Nigeria

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Persistent violations
  • Inconsistent definition of the child [1]
  • The possibility of applying the death penalty to under 18s under the Sharia penal codes [2]
  • Detention of children with adults [3]
  • Inconsistent minimum age of criminal responsibility across states [4]
  • Ethnic tension and violence affecting children [5]
  • Early marriage [6]
  • High prevalence of child trafficking [7]
  • High prevalence of female genital mutilation (FGM), particularly in northern states [8]
  • Violence against children, particularly girls [9]
  • Low enrolment and completion rates and gender inequality in schools [10]
  • High rate of child labour, particularly in domestic service, mining and agriculture [11]
  • High rate of infant and maternal mortality and access to health services, particularly for women and girls [12]

For more details, go here

Footnotes
  1. UN Committee on the Rights of the Child, African Committee of Experts on the Rights and Welfare of the Child
  2. UN Committee on the Rights of the Child, UN Special Rapporteur on Freedom of Religion or Belief, African Committee of Experts on the Rights and Welfare of the Child
  3. UN Committee on the Rights of the Child, UN Special Rapporteur on torture and other cruel, inhuman or degrading treatment or punishment, African Committee of Experts on the Rights and Welfare of the Child, Universal Periodic Review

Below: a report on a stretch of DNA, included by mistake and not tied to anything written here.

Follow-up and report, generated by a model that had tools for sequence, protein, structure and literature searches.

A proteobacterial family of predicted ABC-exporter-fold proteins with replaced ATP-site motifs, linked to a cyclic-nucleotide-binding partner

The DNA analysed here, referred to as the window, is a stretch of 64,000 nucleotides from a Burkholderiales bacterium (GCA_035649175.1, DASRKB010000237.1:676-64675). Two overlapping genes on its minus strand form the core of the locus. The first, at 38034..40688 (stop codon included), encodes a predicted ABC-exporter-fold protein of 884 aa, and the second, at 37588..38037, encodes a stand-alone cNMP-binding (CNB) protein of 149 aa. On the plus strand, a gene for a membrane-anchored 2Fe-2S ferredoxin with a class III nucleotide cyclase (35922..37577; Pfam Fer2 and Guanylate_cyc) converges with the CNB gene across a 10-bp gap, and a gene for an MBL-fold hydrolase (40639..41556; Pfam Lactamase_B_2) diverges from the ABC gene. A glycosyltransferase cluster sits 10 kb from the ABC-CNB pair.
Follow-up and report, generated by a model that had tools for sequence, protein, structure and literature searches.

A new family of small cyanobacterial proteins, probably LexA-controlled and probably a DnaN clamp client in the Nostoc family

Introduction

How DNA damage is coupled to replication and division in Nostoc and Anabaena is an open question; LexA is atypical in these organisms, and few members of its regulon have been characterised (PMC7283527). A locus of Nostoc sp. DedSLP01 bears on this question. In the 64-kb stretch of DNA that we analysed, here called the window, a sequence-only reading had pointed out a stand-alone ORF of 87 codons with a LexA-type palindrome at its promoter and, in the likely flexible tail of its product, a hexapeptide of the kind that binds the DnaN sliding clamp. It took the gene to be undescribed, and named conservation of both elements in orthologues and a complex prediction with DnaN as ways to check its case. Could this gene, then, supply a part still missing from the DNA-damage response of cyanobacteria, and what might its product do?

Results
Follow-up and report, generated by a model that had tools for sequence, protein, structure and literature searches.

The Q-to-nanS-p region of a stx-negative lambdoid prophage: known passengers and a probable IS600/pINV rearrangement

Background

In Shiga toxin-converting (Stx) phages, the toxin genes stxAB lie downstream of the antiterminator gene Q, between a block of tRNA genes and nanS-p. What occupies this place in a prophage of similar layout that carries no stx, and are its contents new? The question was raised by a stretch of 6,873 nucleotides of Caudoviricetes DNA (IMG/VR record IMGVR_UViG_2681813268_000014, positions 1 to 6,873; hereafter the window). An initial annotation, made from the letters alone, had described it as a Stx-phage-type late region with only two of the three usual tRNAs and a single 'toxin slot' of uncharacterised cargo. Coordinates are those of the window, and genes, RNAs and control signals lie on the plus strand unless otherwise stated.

4. UN Committee on the Rights of the Child, African Committee of Experts on the Rights and Welfare of the Child
  5. UN Committee on the Rights of the Child, UN Committee on the Elimination of Racial Discrimination, UN Special Rapporteur on Freedom of Religion or Belief
  6. UN Committee on the Rights of the Child, UN Committee on the Elimination of Discrimination Against Women, African Committee of Experts on the Rights and Welfare of the Child, African Commission on Human and Peoples' Rights
  7. UN Committee on the Rights and Welfare of the Child, UN Committee on the Elimination of Discrimination against Women, UN Committee on the Elimination of Racial Discrimination, African Committee of Experts on the Rights and Welfare of the Child, African Commission on Human and Peoples' Rights, Universal Periodic Review
  8. UN Committee on the Rights of the Child, African Committee of Experts on the Rights and Welfare of the Child, African Commission on Human and Peoples' Rights, Universal Periodic Review
  9. UN Committee on the Elimination of Discrimination Against Women, African Committee of Experts on the Rights and Welfare of the Child
  10. UN Committee on the Rights of the Child, African Committee of Experts on the Rights and Welfare of the Child, Universal Periodic Review
  11. UN Committee on the Rights of the Child, African Committee of Experts on the Rights and Welfare of the Child
  12. UN Committee on the Rights of the Child, African Committee of Experts on the Rights and Welfare of the Child, African Commission on Human and Peoples' Rights



Introduction

Geography

The federal republic of Nigeria in West Africa borders Chad and Cameroon in the east, Benin in the west, Niger in the north and the Atlantic ocean in the south. Its southern coast is located in the gulf of Guinea. Nigeria wields considerable geo-political, social, cultural and economic influence in the region.The country's capital city is Abuja.

Population and language